Key thinkers have been developing a strategic framework for transforming cities into water-sensitive cities. Transforming Melbourne into a water-sensitive city has been a focus of the City of Melbourne through undertaking an integrated water management strategy coined "city as a catchment", and is being progressively undertaken by other local municipalities. Critical to applying the framework has been to establish water quality and water conservation targets that councils are able to commit to. The paper outlines a key approach adopted to diversify water supply options through the provision of both centralised and decentralised water schemes, ranging from the simple rainwater tank for non-potable use to large scale stormwater harvesting schemes. Stormwater not harvested is treated to improve its quality prior to discharge to the environment for the protection of aquatic ecosystems. The paper presents an overview of the implementation plan for the City of Melbourne that clearly establishes a vision for the city and demonstrates how selection of on-ground works relate to water conservation, best practice stormwater management targets and wastewater minimisation. This includes implementing sustainable urban water management approaches across all of the city's assets (including parks and gardens, building and roads). In implementing the framework, Council's influence would extend adoption beyond the public domain by facilitating private participation through regulations and provisions of incentives for the uptake of WSUD in the private domain (including commercial and residential sites).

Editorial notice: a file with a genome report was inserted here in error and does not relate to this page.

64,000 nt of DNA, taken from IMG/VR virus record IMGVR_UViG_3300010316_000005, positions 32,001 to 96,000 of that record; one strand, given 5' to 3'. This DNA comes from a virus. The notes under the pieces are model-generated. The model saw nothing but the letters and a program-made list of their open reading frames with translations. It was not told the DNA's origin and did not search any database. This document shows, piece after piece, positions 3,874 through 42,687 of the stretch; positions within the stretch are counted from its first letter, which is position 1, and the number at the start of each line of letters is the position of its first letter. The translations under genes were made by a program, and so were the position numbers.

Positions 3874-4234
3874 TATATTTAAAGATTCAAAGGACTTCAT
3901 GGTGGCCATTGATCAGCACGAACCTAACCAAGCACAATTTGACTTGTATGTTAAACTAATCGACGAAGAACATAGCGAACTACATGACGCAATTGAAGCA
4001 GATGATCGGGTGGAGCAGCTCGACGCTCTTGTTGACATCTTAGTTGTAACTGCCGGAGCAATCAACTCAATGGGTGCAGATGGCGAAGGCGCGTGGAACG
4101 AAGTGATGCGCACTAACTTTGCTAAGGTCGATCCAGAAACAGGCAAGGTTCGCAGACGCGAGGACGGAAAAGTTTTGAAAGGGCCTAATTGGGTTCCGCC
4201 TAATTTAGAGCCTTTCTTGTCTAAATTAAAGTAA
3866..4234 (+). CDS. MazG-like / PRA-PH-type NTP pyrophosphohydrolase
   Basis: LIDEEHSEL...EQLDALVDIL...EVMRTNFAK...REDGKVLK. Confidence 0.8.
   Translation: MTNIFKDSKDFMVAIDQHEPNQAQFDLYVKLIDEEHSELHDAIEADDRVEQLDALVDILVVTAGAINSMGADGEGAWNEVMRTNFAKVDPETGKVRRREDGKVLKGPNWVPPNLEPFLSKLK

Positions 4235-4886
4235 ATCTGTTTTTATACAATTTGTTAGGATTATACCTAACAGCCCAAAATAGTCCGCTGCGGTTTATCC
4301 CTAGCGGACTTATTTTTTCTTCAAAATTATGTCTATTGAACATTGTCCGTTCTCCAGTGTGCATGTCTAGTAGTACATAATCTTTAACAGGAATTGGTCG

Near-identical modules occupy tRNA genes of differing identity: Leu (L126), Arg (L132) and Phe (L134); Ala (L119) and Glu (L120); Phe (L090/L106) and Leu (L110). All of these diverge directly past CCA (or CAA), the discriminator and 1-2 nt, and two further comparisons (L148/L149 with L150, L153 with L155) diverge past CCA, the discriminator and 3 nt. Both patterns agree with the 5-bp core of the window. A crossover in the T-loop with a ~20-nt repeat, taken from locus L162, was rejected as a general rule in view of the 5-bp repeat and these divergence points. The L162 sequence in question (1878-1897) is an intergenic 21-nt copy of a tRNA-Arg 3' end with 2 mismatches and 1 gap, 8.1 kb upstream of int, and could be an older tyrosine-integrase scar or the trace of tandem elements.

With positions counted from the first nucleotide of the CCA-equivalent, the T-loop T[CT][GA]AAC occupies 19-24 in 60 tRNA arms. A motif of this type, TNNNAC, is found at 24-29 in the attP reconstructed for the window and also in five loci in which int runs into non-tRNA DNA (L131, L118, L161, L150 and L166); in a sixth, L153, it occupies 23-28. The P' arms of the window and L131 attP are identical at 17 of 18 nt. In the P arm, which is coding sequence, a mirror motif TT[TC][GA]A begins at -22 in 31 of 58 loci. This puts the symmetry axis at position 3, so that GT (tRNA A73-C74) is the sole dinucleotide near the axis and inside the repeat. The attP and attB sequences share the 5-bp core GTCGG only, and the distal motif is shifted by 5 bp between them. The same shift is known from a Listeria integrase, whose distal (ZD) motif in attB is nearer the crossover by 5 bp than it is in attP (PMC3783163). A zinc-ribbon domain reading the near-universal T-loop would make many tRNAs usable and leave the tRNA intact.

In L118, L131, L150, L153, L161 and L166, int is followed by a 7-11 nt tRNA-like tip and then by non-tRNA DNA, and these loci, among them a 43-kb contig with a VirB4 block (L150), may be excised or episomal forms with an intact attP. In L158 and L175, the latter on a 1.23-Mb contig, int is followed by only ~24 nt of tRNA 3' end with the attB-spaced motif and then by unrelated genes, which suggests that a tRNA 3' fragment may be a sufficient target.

PubDate: Thu, 2 Nov 2017 11:47:41 GMT